My principles for managing such huge academic program were basically displaying integrity, accountability, respect transparency, passion, and hardworking ethics. I tried my best to be a role model for all faculty and trainees as well as all employees. Fortunately, I was able to carry out my job with honor and integrity over 14 years, which is the longest tenure as the Head of Cancer Medicine in MDACC. Perhaps this is the single most proud achievement I have ever made in my professional career, as a man who immigrated to this country in 1970 and not even being allowed to dream big.
Dr. Hong, you have been honored with American Society of Clinical Oncology’s 2016 Special Recognition Award for your groundbreaking research in treatment modalities. What are some of the current trends in cancer research? What do you forecast the major changes would be in the areas of cancer research and treatments in next five years?
I have been a member of American Society of Clinical Oncology (ASCO) since 1975 and served in many important committees in ASCO including the Chair of Cancer Prevention and also I was elected to serve as the Board of Director. Because of my contributions to ASCO and also many achievements as Head of Cancer Medicine, especially training hundreds of postgraduate doctors and clinical fellows, I was very grateful to receive ASCO Special Recognition Award in 2016 at the annual meeting in Chicago.
I believe that this is an incredibly exciting time of cancer care and cancer research because there is tremendous progress of understanding basic biology of cancer that ultimately will be translated to clinical care through translational research. Future of cancer research is very bright because of the exciting opportunities to make huge impact of cancer care through innovative targeted therapies and immunotherapies.
In addition, there is a huge opportunity to make impact through screening and early detection and also opportunity to intercept cancer driver in early stages and premalignant lesions through chemo and/or immune prevention strategy before cancer develops fully.
What would be your advice or comments for current medical students as well as those who aspire to become a doctor?
My advice to medical students who want to either practice as a physician or become an academician is very simple. They have to work extraordinary hard with pride and integrity and also they have to be unselfish team player in whatever they engage in to earn respect from their peers. I am a strong believer of following the quote from Benjamin Franklin, “God helps those who help themselves.”
WKMJ has readers from more than 10 countries globally. Please share your final words with our readers.
As far as cancer care is concerned, there is no boundary at all. Cancer is global problem not limited to US. One out of two in men and one out of three in women will develop cancer in their life time. To make impact we all have to work together as a team, without territories, to end cancer in our society.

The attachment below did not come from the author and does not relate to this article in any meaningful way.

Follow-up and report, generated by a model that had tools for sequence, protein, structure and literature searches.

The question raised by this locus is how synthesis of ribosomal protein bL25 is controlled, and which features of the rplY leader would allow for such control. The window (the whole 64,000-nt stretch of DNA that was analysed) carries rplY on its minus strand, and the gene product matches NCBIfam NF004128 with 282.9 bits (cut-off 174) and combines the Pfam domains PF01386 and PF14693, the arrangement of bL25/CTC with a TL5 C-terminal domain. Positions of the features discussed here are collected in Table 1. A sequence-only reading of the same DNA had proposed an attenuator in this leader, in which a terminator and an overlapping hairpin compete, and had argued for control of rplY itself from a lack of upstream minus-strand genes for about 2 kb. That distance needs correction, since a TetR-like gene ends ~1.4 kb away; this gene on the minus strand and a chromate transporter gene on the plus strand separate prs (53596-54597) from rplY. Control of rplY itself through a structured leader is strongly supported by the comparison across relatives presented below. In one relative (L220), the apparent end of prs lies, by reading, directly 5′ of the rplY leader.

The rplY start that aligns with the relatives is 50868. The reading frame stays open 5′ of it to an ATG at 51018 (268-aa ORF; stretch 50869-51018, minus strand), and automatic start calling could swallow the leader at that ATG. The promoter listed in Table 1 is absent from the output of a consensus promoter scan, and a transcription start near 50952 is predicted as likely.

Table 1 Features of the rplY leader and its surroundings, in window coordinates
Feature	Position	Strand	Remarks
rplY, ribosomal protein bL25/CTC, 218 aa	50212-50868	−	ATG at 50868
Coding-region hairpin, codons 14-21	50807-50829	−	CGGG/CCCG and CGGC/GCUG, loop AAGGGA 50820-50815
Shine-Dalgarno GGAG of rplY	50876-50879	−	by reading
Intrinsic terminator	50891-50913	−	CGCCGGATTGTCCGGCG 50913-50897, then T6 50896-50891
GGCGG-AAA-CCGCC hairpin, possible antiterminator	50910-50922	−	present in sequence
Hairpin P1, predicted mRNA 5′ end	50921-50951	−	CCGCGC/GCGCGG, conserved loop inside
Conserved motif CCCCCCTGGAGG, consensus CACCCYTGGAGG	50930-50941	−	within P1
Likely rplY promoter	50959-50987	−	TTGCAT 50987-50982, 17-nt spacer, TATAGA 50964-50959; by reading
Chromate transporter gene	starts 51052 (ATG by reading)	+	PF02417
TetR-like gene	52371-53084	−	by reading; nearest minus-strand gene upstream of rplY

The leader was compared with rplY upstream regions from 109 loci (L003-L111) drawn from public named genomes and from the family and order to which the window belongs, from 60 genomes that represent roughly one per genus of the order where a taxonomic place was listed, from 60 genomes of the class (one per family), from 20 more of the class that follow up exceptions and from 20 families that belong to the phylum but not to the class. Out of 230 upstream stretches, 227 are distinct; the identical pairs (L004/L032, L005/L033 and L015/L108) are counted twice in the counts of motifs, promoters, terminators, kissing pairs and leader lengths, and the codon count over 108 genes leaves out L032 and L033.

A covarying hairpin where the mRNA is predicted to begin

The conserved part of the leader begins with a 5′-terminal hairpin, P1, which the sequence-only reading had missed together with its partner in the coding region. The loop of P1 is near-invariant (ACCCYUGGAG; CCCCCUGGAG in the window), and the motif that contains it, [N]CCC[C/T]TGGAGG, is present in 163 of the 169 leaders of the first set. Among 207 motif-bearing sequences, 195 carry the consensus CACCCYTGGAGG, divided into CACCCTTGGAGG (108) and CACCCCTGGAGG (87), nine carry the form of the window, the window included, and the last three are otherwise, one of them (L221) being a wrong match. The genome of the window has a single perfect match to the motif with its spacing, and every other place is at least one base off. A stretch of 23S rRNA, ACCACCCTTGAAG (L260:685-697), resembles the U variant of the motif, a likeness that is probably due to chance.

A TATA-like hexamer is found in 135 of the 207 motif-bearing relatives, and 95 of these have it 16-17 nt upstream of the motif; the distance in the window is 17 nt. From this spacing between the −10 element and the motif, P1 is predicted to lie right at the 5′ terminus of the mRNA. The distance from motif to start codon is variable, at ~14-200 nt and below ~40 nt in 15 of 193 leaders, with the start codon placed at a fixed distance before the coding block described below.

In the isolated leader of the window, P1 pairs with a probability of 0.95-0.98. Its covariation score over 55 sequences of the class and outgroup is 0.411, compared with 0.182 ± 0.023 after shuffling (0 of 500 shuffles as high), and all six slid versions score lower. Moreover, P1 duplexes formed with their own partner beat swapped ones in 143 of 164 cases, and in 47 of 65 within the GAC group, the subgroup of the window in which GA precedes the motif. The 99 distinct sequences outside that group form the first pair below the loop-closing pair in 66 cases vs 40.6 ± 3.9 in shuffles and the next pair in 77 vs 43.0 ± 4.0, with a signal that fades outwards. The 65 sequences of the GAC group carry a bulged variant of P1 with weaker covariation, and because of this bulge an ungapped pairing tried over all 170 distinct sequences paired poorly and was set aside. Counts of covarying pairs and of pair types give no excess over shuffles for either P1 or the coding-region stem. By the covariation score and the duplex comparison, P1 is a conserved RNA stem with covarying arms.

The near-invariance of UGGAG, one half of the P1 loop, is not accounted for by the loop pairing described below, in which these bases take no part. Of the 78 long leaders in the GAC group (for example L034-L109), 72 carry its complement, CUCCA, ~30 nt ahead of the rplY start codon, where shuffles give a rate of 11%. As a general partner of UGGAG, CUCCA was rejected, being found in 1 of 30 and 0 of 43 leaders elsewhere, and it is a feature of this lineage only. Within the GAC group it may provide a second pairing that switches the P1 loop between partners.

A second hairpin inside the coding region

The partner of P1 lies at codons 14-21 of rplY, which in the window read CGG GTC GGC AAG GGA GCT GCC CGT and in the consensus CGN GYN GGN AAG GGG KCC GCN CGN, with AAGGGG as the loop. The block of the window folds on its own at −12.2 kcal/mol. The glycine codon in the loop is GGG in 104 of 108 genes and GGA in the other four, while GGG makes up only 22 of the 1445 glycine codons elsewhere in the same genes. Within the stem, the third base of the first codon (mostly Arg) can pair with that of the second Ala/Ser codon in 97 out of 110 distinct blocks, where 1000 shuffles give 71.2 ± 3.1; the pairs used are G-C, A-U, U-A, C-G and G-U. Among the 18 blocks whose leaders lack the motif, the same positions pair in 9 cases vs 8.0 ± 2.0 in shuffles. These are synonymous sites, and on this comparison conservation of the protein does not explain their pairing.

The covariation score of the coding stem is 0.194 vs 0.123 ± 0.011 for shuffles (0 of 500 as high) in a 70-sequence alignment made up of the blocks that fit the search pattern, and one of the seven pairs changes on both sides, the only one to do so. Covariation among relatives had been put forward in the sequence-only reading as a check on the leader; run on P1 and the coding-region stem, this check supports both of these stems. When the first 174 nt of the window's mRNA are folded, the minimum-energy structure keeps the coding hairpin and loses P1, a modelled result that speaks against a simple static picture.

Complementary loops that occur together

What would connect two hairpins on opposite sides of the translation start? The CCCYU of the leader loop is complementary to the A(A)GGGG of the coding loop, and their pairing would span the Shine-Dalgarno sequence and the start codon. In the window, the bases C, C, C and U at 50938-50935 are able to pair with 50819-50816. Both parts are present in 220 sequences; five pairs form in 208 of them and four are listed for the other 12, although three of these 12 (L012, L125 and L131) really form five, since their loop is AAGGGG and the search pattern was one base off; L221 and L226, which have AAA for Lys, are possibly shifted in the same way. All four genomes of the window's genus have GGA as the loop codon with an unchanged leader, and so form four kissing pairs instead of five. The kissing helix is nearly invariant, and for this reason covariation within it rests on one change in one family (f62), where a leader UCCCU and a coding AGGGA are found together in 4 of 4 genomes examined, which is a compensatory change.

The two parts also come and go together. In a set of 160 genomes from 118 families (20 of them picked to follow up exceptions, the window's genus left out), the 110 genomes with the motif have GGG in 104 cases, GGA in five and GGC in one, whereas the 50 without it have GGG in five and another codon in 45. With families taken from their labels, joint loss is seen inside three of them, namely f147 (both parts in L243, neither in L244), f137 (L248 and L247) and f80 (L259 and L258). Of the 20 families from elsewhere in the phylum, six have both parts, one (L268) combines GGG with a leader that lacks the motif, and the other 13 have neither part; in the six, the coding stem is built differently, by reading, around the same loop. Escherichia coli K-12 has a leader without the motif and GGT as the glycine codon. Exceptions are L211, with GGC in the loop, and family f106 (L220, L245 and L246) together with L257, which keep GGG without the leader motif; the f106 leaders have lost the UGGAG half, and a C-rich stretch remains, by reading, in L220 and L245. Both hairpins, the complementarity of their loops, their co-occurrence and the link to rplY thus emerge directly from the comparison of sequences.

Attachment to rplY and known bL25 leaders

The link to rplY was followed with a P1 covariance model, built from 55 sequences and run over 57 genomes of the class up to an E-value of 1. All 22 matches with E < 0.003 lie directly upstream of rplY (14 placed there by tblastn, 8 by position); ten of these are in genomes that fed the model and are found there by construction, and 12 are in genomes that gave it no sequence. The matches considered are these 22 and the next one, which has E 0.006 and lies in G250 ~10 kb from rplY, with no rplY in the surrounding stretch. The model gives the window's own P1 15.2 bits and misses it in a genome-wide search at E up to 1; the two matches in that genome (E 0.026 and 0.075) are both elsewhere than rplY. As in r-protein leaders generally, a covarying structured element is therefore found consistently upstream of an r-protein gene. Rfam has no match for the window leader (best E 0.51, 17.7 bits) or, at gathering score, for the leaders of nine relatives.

Waun Ki Hong, M.D., F.A.C.P., D.M.Sc.(Hon.)
Head, Division of Cancer Medicine, The University of Texas MD Anderson Cancer Center
Waun Ki Hong, M.D., F.A.C.P., D.M.Sc (Hon) is Division Head and Professor at The University of Texas MD Anderson Cancer Center, an American Cancer Society Professor, and a Samsung Distinguished University Chair in Cancer Medicine. A national and international leader in medical oncology, Dr. Hong is a foremost authority on the treatment and prevention of head and neck cancer and lung cancer. Dr. Hong has developed treatment approaches that have enabled thousands of laryngeal cancer patients to avoid radical surgery and enjoy a better quality of life, eradicating the cancer while preserving the ability to speak and swallow. Dr. Hong also is one of the founders of cancer chemoprevention and pioneered a new paradigm for cancer—the possibility that it can be prevented or delayed. Additionally, he was the main architect and principal investigator for BATTLE (Biomarker-integrated Approaches of Targeted Therapy for Lung Cancer Elimination), the first successful biopsy-driven trial in lung cancer. This formative work opened up a new paradigm of personalized cancer therapy in solid tumors. His expertise spans more than 36 years of unprecedented advances in translational and clinical cancer research. Dr. Hong has authored more than 660 scientific publications, edited 11 books, including Senior Editor of Holland-Frei Cancer Medicine Eighth Edition, and currently serves on the editorial boards of 6 scientific journals. He was one of the founding deputy editors of Clinical Cancer Research.